Ruiz-Healy Art is pleased to present two solo shows from Jennifer Ling Datchuk at both our San Antonio and New York galleries. Visit our exhibitions page to view both shows.
This solo exhibition highlights her ceramic and photographic work, as well as her continued focus on gender, race, and identity. Don’t Worry Be Happy at our San Antonio gallery opens Wednesday, November 6, with an artist reception from 6:00 – 8:00 PM. In this show, Datchuk uses porcelain sculptures and photo documentation to explore the female body, womanhood, labor, and domesticity.
Datchuk’s solo exhibitions at Ruiz-Healy Art explore social expectations placed on girls and how this pressure translates into womanhood. In the words of the artist, this work confronts how “little girls are taught to be seen not heard, perpetuating our roles as empty vessels for the desire and fulfillment of men.” Datchuk takes on these complexities of femininity through an active recontextualization of the objects that define it. Through her championing of the handmade and her use of materials such as hair and porcelain, Datchuk seeks to rewrite the histories and traumas of womanhood and ultimately find empowerment through objects of womanhood.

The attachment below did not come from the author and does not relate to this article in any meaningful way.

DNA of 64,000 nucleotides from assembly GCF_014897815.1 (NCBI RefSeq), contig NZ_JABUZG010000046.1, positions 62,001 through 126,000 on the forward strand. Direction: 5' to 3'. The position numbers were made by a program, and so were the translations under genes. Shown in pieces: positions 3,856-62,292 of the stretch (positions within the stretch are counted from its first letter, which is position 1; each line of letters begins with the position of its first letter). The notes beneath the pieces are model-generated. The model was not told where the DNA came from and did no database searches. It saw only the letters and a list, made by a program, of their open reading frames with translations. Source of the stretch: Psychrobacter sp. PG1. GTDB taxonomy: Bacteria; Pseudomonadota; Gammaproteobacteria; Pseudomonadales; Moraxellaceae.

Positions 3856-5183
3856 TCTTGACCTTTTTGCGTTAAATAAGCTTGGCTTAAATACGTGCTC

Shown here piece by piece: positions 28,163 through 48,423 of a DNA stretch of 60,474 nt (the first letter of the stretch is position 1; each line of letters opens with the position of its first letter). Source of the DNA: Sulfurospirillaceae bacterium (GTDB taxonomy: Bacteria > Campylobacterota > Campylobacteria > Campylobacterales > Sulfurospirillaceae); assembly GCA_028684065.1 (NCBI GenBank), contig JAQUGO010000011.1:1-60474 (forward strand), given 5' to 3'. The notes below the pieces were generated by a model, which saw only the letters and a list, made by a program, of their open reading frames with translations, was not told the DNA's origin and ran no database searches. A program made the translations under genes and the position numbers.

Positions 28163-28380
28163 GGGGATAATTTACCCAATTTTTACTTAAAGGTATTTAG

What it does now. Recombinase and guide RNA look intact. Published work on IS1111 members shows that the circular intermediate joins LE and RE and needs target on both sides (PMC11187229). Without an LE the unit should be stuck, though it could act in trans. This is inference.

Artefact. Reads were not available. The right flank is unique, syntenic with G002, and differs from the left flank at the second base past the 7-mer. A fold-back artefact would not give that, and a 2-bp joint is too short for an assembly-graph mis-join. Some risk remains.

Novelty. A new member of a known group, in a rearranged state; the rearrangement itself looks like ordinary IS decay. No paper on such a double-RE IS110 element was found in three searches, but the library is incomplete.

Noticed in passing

Trained in craft tradition and supported by her research-based practice, Datchuk shows that no material technique is neutral as her concepts are always interwoven with her materials. By employing the historical and cultural implications of the chosen materials in her work, Datchuk uses her own personal experience and identity as a lens to understand race, gender, and identity.
Datchuk’s artwork has been part of various exhibitions throughout Texas and the United States, including Artpace, San Antonio, TX; Houston Center for Contemporary Craft, Houston, TX; Fuller Craft Museum, Brockton, MA; Virginia Museum of Contemporary Art, Virginia Beach, VA; Pittsburgh Center for the Arts, Pittsburgh, PA; Seattle Design Center, Seattle, WA; Trinity University, San Antonio, TX; Black Cube Nomadic Museum, Denver, CO; Hammond Museum, North Salem, NY; and Craft and Folk Art Museum, Los Angeles, CA.